Thank you for the amazing responses to my accident. The emails, cards and gifts have meant so much to me and my family. In addition, I would like to thank those who reached out to our incredible SF staff to offer them your support and guidance. We really are a community—focused on helping those far away, as well as close to home.
The U.S. election is now a month behind us, and while little is clear, my colleagues and I believe the role of the NGO community—especially those who work for human rights—will become even more critical than ever. As a Jewish organization, representing a people who have experienced persecution, it is imperative that we send a clear message that we will continue to fight for the rights of those whose rights are threatened abroad and in our own communities.
Hard as it might feel right now, democracy is a core element of freedom, and for so many of our grantees, it remains something elusive or precarious. With Chanukah—a story of light and hope—on the horizon, AJWS continues to support those who seek the freedom to elect their leaders, to love who they love, and to fulfill their potential regardless of race or gender.
We recently heard from an AJWS grantee in Uganda who was celebrating his 30th birthday and had lived his entire life under one president. He was adamant that he and his colleagues continue to fight for their rights and find ways to make meaningful change.
Some of you had the honor last year to meet AJWS grantee Khun Kit San, who has dedicated his life to educating young people in Burma about democracy. He grew up in a country riddled with political violence, and yet he made the decision to stand up for what he believes in: empowering young people to vote. Last November, more than 30 million people voted in Burma for the first time since 1962. It was not a perfect election—the Rohingya and other minorities did not get to vote, and many elderly people felt too intimidated to do so—but it was an important step, instilling hope for the future.
This is what makes Chanukah so relevant for us today. In the spirit of the festival, I hope you will join us at the AJWS Holiday party on December 14th at One Market in San Francisco. It will be an opportunity for us at AJWS to show our appreciation for your generosity and dedication to human rights, and it will bring our AJWS community together.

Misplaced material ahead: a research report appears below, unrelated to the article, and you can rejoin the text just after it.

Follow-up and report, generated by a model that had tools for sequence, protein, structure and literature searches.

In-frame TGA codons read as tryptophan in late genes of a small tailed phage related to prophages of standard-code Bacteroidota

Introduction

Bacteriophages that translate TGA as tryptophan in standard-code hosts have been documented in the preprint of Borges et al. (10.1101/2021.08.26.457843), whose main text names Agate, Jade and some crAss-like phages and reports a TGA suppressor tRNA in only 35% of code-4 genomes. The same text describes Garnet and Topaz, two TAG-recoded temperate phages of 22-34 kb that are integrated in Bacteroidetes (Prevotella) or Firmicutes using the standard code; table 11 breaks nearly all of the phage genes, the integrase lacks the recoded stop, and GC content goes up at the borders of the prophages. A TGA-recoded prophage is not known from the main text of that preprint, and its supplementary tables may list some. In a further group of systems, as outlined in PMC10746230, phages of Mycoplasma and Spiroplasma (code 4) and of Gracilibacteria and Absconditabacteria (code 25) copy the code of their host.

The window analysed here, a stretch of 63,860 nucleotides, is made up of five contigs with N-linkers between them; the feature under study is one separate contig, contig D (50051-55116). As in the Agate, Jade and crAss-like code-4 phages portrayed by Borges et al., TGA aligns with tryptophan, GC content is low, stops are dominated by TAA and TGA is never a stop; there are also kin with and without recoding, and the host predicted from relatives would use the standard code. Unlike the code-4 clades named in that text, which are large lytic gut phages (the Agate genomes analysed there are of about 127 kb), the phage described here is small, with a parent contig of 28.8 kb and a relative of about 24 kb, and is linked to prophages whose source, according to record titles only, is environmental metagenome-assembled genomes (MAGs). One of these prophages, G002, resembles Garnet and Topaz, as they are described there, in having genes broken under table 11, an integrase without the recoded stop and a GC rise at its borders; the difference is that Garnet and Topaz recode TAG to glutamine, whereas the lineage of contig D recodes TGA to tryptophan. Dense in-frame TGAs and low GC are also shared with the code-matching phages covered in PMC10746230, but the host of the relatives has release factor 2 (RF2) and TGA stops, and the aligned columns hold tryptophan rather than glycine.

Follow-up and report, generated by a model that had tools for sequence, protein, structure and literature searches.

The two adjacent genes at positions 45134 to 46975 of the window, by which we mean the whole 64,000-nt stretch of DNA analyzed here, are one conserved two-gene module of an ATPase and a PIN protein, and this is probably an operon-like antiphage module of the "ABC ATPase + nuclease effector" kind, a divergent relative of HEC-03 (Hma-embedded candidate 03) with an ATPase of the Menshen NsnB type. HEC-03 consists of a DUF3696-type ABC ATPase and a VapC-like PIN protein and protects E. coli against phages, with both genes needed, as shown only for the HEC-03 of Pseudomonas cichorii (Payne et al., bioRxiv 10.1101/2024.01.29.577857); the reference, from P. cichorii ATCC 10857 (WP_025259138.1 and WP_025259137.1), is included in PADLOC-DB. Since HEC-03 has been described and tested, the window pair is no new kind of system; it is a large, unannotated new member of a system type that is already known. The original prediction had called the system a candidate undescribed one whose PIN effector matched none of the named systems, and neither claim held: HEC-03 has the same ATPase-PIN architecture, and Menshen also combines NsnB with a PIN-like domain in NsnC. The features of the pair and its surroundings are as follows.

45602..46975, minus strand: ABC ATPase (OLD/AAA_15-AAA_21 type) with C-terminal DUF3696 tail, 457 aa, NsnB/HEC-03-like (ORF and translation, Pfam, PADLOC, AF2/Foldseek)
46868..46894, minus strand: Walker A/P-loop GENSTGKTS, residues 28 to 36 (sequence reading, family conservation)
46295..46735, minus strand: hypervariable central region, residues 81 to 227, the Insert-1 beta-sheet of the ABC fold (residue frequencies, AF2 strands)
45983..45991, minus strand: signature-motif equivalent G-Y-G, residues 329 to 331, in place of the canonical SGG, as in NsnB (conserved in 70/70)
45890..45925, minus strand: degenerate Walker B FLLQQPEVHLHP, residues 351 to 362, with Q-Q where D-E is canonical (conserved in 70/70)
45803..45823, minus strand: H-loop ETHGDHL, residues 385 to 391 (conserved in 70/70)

Thank you for all your help and support for our incredibly brave grantees.
Executive Director, San Francisco and Western Region
AJWS Bay Area Upcoming Events
Books Beyond Borders Marin
In January, we will be discussing The Ladies of Managua by Eleni Gage, as well as AJWS’s work in Nicaragua.
Osher Marin JCC
January 31, 2017, 7:00 p.m.
200 N. San Pedro Rd
San Rafael, CA 94903
Opportunity to Double Your Impact
Global Circle Match: Longtime AJWS supporter and Chair of the San Francisco Global Circle Steering Committee, Ilana Shapiro, has pledged an $18,000 matching grant in memory of her father through the Eric A. Shapiro, MD Memorial Fund. Ilana’s grant will double the impact of all gifts made by Global Circle—a community of young professionals from around the country who are investing in AJWS’s work across the developing world.
Travel With Us
February 26, 2017 – March 5, 2017
Travel with AJWS on an inspiring journey to Uganda, where we will engage in dialogue with local leaders and intellectuals who will offer insights into the unique challenges of securing human rights in this complex country.
June 18, 2017 – June 23, 2017
Journey with AJWS and our President and CEO, Robert Bank, through Guatemala, where we will explore Mayan communities and volcanic vistas while delving into the aftershocks of the country’s decade-long civil war.
February 18, 2018 – February 25, 2018
Join AJWS on an unforgettable trip to India, where we will meet grassroots groups working to protect the lives and lands of India’s people.